When you visit a website, you may notice the URL in the search bar changes slightly based on your location on the site or which web page you’re viewing.
For example, you can visit hubspot.com to view and access the tools and services offered. Or, you can visit blog.hubspot.com to access the section of our website that serves blog content. Although the URL changes slightly, you’re still on HubSpot’s website, under HubSpot’s domain.
In this article, we’ll look at the part of the URL that does change — called the subdomain — and why exactly that is.
What is a subdomain name?
A subdomain name is a piece of additional information added to the beginning of a website’s domain name. It allows websites to separate and organize content for a specific function — such as a blog or an online store — from the rest of your website.
A domain name typically has two parts: The top-level domain (TLD) is the extension, such as .com or .org, and the second-level domain (SLD) is the unique part of the domain name, often a business or brand name. In the hubspot.com example, com is the TLD and hubspot is the SLD.
The subdomain is what goes before the SLD. The most common subdomain is www, which stands for World Wide Web. This subdomain contains a website’s homepage and its most important pages. The www subdomain is so widely used that most domain registrars include it with domain name purchases.
Subdomains are also commonly used to separate a section of a website from the main site. For example, blog.hubspot.com and shop.hubspot.com direct to our blog and online store respectively.
When we group our domain name and subdomain with a protocol at the beginning (HTTP or HTTPS for websites) and an optional file path at the end, we have a complete URL:
What is a subdomain used for?
Subdomains make it simple for you to organize the various functions of your website, while also making it easier for users to find these different functions.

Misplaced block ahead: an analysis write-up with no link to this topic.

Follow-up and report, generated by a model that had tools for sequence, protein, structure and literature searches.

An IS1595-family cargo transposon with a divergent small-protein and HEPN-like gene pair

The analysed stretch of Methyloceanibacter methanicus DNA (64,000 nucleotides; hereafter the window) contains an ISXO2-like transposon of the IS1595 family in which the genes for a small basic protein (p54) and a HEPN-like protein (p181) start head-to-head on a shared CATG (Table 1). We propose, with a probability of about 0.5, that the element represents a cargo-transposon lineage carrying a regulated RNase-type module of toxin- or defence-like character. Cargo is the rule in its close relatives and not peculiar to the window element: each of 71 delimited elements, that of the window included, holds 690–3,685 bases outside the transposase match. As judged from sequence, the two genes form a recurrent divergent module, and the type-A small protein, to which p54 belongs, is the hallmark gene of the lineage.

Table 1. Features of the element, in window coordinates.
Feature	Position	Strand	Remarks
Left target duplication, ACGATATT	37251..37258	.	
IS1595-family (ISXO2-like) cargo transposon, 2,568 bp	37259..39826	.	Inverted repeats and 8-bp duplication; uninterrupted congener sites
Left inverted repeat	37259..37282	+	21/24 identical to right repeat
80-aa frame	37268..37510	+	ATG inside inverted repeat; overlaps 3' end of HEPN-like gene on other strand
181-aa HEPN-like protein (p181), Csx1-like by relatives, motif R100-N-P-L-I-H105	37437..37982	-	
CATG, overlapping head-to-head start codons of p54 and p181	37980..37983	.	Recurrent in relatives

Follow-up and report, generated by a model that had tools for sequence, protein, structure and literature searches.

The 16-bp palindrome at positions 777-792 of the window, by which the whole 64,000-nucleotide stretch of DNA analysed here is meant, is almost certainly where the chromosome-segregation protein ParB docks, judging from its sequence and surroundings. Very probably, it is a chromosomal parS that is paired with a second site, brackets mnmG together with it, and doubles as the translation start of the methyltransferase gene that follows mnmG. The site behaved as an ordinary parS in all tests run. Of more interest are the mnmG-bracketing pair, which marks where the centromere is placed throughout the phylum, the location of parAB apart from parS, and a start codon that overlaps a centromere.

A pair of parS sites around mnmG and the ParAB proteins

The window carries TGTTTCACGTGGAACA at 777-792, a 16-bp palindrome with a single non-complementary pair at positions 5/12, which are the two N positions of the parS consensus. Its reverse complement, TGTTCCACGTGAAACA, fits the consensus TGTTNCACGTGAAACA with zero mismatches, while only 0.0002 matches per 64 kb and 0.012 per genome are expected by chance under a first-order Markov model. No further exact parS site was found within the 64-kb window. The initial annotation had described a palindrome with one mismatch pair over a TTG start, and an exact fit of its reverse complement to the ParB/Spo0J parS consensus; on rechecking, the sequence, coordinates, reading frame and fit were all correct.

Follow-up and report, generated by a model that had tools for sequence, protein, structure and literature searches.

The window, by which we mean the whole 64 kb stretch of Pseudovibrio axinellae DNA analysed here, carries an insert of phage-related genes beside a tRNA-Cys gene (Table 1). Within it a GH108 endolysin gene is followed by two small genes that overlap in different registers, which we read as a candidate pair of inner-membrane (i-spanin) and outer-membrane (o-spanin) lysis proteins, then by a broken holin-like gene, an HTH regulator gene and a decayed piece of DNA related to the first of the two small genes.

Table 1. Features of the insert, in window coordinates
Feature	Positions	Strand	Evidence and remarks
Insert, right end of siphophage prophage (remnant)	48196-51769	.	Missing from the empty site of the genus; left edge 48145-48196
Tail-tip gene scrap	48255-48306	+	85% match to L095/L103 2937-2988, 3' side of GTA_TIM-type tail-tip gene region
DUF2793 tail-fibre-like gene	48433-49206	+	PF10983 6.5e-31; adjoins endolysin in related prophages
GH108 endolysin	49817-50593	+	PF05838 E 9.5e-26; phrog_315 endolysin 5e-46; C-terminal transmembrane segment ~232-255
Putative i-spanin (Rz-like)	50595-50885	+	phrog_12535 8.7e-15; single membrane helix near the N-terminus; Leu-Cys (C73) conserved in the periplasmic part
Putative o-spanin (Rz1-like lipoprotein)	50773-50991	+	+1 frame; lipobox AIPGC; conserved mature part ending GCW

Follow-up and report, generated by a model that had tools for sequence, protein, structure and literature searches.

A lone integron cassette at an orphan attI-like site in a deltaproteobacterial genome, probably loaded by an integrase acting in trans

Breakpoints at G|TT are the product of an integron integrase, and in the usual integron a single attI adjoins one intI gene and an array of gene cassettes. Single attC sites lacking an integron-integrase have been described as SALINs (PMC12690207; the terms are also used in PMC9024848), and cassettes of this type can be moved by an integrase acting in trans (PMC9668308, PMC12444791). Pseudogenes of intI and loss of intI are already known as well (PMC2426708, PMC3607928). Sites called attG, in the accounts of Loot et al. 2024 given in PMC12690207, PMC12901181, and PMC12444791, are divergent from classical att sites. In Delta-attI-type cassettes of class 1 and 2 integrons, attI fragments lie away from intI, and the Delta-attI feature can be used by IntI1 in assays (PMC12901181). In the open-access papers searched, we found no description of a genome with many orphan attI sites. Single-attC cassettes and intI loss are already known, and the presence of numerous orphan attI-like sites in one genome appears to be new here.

Think about it this way: If you’re hosting a party, you need to provide guests with your address. The TLD would be the city you live in while the SLD would be your number and street name. If you live in an apartment building, you need to get even more specific so your guests know which apartment to ring. Your apartment number would be akin to a subdomain — a specific section of the greater building that's dedicated to your living space.
If you plan to add more functions to your website, such as a store, a forum, or a blog, you might add a subdomain to your domain to separate these functions off from your main website.
You can also use subdomains to create localized content. For example, if you run a restaurant chain with multiple locations, customers can visit www.myrestaurant.com for all-encompassing content. Or, customers looking for the menu at your Nashville, Tennessee location can access this information via nashville.myrestaurant.com.
If you’re looking to create a subdomain on your website but aren’t sure what that would look like, refer to the www.hubspot.com and blog.hubspot.com example mentioned above.
By separating the HubSpot Blog from the rest of the website, it makes it obvious to visitors where they’re located on the HubSpot website as a whole. This is helpful considering www.hubspot.com focuses on the HubSpot product line, while blog.hubspot.com contains articles that don’t necessarily relate to HubSpot products. Separating the two from each other with a subdomain keeps everything organized and helps visitors find what they need.
Here’s another example: In addition to its online store that sells new products, outdoor clothing brand Patagonia also resells its used clothing through the Worn Wear program. When we visit both of these links, we see that www.patagonia.com encompasses the Patagonia store (as well as other initiatives by the brand) and that wornwear.patagonia.com is used for the Worn Wear section.